Welcome to Accelerated Story part 3, where we’ll continue to look at Willem Larsen’s “Rules of Accelerated Learning” from his Language Hunters blog, and explore how to apply those rules to story gaming/roleplaying.
As always, Willem’s disclaimer: Each rule is very contextual; these are not silver bullets or cure-alls.
The third rule is The Fluent Edge:
It’s easy to be bored by the amount of repetition needed to become fluent, and overwhelmed by the complexity of what you want to learn.
Therefore, perform your skill at your current level of fluency, and then increase the challenge by a tiny bit more – taking you to your FLUENT EDGE.
This is perhaps the most fundamental principle of accelerated learning, or even of gameplay itself. The energizing factor, the sheer excitement of play, is the walking of this edge, getting into the “zone” where players are just challenged enough to engage fully in the game without becoming bored or overwhelmed.
If you think of the Fluent Edge like a precipice on which you balance, on either side of you you’ll see the twin chasms of Boredom and Overwhelm. Falling into either of these will exhaust you and drain the fun from an activity. So engaged gaming, like any activity, is a matter of walking that line.
As I discussed in Middle School Energy, this means paying careful attention to both your boredom and overwhelm levels moment to moment and making adjustments to stay in the sweet spot. It’s worth revisiting Willem’s diagram:
What do these states look like in roleplaying and story gaming? Well, to me, Boredom looks a bunch of lethargic players sitting at a table as a game crawls along, occupying themselves with private amusement for long stretches while they await their turn to contribute. Or it looks like restless, fidgety players waiting through dull description so they can get to the exciting stuff, trying to engage with the rules but not finding enough “meat” there to sink their teeth into. Or it looks like a bitter group squabbling and arguing over minutia while play fades sadly into the background.
Overwhelm looks like brows furrowed over character sheets and rulebooks while play stops dead. Or it looks like a group “turtling up” and playing cautiously, uncertain how to engage effectively with the game’s fiction. Or it looks like players giving up on learning even the simplest of rules and falling back on the mantra “just tell me what to roll.”
These are worst-case-scenarios, perhaps, but should give a good picture of the range of non-fun states. What they looks like in your games will be individual and contextual, of course.
The Fluent Edge, by contrast, looks like excited players, eyes shining and faces expressive, all fully engaged and participating. It looks like creative contributions freely flowing back and forth throughout the group, energized and on the same wavelength. It looks like deft engagement of game mechanics to bolster those contributions, just when needed, the strategic and aesthetic implications fully appreciated by the whole player group.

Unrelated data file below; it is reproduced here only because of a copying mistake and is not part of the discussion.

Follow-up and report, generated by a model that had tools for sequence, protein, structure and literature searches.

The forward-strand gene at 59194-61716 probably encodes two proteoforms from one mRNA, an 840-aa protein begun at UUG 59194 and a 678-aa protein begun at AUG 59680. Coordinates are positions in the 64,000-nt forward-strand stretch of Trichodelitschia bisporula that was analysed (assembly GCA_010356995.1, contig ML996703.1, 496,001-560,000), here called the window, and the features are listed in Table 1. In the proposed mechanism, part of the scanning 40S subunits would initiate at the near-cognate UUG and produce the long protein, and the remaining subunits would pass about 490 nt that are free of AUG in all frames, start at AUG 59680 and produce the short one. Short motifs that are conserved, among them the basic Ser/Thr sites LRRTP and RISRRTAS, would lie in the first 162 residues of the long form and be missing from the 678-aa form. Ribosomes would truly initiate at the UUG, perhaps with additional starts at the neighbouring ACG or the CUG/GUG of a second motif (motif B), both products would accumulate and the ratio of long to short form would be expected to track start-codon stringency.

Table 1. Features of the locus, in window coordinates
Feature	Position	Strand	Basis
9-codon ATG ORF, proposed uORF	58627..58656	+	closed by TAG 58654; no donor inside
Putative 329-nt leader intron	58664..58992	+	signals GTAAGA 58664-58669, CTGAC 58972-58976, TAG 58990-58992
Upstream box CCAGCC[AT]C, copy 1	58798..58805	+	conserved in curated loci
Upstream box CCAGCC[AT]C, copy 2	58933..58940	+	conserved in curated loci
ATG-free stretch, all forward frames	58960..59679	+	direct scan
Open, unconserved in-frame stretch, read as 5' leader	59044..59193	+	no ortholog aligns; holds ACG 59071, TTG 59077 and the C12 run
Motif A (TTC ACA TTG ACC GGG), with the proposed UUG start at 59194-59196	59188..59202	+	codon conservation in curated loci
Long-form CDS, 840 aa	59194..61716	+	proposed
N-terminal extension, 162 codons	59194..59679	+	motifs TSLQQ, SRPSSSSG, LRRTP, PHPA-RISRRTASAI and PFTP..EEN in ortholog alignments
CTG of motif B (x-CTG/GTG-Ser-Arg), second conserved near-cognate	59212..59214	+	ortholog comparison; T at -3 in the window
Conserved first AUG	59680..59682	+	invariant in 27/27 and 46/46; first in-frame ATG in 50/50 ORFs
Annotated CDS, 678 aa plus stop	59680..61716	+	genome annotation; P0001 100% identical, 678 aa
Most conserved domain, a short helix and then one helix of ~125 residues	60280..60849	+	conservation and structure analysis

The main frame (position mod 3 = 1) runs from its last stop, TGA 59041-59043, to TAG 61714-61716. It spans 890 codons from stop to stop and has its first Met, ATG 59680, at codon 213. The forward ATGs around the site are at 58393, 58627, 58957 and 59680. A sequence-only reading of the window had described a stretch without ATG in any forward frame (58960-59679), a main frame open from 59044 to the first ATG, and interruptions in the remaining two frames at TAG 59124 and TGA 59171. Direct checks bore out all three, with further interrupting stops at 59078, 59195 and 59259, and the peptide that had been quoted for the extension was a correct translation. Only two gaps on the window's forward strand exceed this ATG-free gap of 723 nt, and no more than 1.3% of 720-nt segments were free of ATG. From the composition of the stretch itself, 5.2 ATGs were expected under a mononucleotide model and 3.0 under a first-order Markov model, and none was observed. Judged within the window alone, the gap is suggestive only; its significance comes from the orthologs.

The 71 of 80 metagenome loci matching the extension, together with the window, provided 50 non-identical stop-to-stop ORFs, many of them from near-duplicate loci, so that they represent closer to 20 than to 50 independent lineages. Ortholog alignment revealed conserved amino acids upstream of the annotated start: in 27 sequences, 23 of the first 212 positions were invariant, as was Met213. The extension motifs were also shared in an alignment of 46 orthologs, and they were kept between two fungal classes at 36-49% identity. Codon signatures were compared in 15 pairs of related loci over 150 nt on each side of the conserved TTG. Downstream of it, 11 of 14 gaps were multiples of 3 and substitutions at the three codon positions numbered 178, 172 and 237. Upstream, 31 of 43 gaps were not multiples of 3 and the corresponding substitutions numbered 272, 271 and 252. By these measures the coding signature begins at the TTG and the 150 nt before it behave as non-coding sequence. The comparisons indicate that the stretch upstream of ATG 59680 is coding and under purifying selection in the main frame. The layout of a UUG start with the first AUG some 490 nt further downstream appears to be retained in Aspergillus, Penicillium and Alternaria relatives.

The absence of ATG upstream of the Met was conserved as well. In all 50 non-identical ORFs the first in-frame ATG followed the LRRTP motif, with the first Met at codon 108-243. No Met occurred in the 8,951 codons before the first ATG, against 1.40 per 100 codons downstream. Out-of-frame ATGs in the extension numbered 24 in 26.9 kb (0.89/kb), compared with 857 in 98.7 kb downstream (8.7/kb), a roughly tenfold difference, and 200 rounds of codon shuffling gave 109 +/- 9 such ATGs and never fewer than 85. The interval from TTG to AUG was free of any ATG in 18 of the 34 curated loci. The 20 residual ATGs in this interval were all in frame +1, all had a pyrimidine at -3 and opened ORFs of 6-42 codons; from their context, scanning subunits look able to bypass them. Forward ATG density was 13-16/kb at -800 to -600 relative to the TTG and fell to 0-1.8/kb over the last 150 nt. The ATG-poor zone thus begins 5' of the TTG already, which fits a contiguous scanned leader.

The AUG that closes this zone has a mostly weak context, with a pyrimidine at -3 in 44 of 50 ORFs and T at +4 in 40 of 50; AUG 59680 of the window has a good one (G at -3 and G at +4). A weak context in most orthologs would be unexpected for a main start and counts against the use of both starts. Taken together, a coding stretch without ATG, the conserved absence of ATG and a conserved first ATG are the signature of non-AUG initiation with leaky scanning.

The secret to maintaining this fully engaged state is, as Willem says, “adding or removing BITE-SIZED PIECES of challenge” throughout play. If you’re in a teaching role, this means controlling and adjusting the flow of information as you introduce new rules and techniques, presenting a new bit just in time to fill an immediate need. For all players, it also means monitoring your own engagement as well as the engagement of others, and adjusting your gameplay to match. If working out a sweet combat combo in all its intricate detail is going to take you out of engagement with the living, present moment, maybe refrain just this once. If hitting two Keys, buying off a Third, and spending Pool points on the clever use of a Secret is going to leave the person sitting next to you bewildered, maybe pull back and do just one of those things, and save the others until they can be introduced in a way that gets everyone on board with their awesomeness.
Most people are unreliable reporters of their own fun and engagement; this is why I mention excited looks and shining eyes. No matter what a player might say—“Oh, sure, I’m paying attention” “Yeah, I’m having fun, let’s go!”—if you’re not getting eye-shine and enthusiastic body language, you’ve probably got boredom and overwhelm on your hands. Rather than call people out and try go get them to admit that they’re not having fun REALLY, just monitor facial expressions and body language and adjust the game environment to compensate, changing physical space, adding or subtracting rules, or changing the direction of the game to one more exciting for the participants.
Everyone’s Fluent Edge is likely to be at a different point on the spectrum of the target skill. Self-monitoring your own Edge is a useful discipline in itself. But additionally, since we’re doing this thing together, in a roleplaying game we need to adjust the group dynamic to maintain the maximum Edge for everyone. This may sometimes mean finding a new game, or changing the player group composition, but ideally subtle adjustments to the game environment and game structure can arrive at a spot that’s satisfying and engaging for all players.
And that’s a sweet spot to be in.